Speaking of duration however, Newton speaks of “mathematical” time, “flowing evenly” and “accurately”, and later in the Scholium, he states that the difference between absolute and relative time is the “equation of time” (aequatio temporis). This is an astronomical term and method (which the modern translators were not clear enough about in their translation), determining the aritmetic difference between apparent and mean solar time, determining of which was one of the main problems of reckoning time in his days. Newton refers to the “experiment of the pendulum clock”, which was described in Christiaan Huygens’ 1673 work Horologium Oscillatorium (The Pendulum Clock: or geometrical demonstrations concerning the motion of pendula as applied to clocks). Newton uses the same terms “absolute time” and “duration” for the time measured by the pendulum clock and the eclipses of the satellites of Jupiter as for the absolute time which is “in se”, or without relation to anything external or measured by external movement. In his time he had no reason to suspect that many similar differences would be found in the centuries ahead. In this respect HPB’s and Newton’s absolute time are not the same. We may, however, suppose that Newton intended absolute time to be “in se”, in which case he had the same intention as HPB.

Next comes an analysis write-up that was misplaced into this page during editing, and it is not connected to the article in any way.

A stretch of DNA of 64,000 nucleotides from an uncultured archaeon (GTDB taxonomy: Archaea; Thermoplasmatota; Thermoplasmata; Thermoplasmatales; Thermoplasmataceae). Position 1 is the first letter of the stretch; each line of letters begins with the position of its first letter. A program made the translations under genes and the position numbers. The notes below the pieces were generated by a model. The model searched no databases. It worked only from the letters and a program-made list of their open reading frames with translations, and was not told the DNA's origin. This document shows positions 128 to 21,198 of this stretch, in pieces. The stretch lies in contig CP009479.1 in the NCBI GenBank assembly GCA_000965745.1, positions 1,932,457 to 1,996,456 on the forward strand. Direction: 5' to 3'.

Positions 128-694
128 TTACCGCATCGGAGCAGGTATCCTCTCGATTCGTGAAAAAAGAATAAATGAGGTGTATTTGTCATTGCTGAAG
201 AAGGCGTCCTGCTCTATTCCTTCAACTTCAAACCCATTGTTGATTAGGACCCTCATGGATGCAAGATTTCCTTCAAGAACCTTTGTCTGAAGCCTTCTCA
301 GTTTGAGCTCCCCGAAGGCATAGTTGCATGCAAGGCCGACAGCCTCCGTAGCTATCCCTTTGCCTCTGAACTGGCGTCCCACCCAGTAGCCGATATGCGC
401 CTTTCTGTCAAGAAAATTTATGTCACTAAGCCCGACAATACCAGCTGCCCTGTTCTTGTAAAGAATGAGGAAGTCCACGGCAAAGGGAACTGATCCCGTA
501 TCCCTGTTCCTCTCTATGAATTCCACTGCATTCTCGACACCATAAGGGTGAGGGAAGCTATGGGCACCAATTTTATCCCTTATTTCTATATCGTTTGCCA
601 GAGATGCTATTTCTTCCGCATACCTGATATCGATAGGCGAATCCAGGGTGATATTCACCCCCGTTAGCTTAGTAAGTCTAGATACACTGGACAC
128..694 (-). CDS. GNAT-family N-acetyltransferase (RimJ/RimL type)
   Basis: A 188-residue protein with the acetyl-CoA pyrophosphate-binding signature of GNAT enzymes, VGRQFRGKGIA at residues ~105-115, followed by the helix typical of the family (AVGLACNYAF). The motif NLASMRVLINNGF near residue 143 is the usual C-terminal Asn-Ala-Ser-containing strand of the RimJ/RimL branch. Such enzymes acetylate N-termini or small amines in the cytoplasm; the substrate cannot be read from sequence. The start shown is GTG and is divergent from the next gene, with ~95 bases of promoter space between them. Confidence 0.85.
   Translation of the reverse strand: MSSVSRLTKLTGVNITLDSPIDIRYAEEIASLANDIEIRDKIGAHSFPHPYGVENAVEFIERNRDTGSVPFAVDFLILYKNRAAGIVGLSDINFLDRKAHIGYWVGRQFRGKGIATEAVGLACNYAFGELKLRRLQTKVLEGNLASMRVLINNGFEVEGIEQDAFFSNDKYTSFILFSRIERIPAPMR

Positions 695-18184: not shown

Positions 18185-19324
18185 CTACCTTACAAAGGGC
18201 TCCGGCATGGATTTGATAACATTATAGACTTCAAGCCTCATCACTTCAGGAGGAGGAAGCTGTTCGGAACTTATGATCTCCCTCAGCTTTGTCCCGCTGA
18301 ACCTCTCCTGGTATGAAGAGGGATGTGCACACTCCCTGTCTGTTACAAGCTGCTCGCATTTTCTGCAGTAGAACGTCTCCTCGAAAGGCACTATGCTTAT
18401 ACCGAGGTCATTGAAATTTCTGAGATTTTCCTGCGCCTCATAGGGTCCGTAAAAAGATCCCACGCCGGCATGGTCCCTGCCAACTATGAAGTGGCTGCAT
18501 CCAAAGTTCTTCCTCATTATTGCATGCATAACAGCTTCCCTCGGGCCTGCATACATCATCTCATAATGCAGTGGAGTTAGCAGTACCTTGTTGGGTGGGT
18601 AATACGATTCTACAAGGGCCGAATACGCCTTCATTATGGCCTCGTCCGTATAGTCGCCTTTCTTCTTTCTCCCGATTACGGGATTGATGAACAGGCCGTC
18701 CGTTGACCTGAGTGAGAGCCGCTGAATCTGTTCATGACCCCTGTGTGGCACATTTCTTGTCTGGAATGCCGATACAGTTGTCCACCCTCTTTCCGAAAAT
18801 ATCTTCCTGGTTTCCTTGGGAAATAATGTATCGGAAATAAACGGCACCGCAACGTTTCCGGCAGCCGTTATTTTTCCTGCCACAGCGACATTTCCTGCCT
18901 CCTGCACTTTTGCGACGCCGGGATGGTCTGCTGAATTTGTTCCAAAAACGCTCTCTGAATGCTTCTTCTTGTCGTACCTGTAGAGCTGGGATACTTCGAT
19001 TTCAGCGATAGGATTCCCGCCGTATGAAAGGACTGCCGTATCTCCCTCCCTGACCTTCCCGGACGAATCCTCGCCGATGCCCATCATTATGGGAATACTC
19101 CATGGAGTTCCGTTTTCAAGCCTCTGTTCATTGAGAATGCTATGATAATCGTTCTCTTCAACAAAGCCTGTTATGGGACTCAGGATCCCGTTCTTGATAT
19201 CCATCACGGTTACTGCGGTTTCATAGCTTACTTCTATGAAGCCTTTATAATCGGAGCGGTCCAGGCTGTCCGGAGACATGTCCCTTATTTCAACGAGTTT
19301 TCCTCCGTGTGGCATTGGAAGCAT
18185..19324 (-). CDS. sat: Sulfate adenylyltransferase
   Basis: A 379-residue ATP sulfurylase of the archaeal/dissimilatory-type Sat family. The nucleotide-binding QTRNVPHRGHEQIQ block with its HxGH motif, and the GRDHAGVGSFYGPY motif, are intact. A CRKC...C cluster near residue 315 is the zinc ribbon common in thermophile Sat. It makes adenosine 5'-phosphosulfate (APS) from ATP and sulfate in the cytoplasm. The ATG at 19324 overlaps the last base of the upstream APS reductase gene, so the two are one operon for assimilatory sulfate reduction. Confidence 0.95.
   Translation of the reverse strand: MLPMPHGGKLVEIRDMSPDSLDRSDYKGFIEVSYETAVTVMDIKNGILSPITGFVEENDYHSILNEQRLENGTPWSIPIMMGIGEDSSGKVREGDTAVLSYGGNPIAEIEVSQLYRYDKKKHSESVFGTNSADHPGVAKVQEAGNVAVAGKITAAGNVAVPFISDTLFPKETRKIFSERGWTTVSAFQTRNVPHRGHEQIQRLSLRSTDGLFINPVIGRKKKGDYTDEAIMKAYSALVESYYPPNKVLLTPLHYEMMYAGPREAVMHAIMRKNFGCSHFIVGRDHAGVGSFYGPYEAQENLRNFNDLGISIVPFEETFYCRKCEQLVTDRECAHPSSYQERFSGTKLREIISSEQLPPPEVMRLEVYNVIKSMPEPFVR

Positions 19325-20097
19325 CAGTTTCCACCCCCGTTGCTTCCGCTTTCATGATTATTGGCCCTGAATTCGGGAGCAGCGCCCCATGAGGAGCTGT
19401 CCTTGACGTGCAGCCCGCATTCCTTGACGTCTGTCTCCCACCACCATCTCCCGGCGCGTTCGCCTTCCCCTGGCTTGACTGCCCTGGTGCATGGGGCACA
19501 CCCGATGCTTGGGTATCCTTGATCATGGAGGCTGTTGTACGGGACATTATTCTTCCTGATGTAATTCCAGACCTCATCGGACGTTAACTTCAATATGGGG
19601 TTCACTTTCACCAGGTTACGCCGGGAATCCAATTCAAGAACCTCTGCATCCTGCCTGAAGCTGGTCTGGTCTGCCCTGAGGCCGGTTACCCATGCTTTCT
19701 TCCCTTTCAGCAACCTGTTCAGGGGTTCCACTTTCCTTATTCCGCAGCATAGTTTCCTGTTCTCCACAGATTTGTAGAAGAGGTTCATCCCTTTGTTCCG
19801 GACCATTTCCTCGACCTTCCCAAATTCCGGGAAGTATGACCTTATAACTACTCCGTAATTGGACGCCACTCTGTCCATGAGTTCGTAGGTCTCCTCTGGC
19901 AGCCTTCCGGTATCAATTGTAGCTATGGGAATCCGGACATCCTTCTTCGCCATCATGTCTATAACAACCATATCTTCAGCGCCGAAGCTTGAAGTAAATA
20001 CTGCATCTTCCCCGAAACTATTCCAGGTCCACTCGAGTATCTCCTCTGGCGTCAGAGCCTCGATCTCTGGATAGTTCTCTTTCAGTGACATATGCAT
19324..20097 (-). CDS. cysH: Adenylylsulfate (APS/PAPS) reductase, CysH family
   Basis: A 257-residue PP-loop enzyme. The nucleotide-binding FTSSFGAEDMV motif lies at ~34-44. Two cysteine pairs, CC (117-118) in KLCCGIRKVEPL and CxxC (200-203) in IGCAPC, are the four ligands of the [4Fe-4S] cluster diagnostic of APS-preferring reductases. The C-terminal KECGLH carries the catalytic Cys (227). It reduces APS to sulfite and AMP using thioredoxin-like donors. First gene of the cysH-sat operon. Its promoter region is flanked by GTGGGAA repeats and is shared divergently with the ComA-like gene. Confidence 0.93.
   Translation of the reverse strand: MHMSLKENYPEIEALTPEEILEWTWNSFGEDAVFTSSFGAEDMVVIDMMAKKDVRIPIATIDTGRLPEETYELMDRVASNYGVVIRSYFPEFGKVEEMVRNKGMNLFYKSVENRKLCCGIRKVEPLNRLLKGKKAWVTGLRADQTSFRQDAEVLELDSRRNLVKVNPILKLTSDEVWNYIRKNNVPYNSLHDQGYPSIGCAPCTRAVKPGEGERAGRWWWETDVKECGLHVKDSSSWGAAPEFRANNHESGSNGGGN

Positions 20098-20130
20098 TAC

If we approach the idea of Newton’s noumenal time in a meditative way, it shows itself as HPB’s primordial aspect of the universe. Vice versa, if we read HPB’s proem to the SD with Newton’s view of duration in mind, as time “flowing equally”, the text becomes much clearer. Another clue may be found in the well-known diagram of meditation which HPB dictated to E.T. Sturdy in 1887 for the benefit of some of her pupils. The first line of this meditative excercise is “First conceive of Unity by expansion in Space and infinite in Time Either with or without self-identification at first”. Further down in the diagram it is said: “Acquisition is completed by conception ‘I am all Space & Time.'” (Spelling and grammar for the two lines are conform the original document.) The exercise is apparently designed to bring our consciousness from the plane of phenomenal space and time, to the state of noumenal, absolute space and time, to enable us to look at ourselves and our actions from this universal perspective.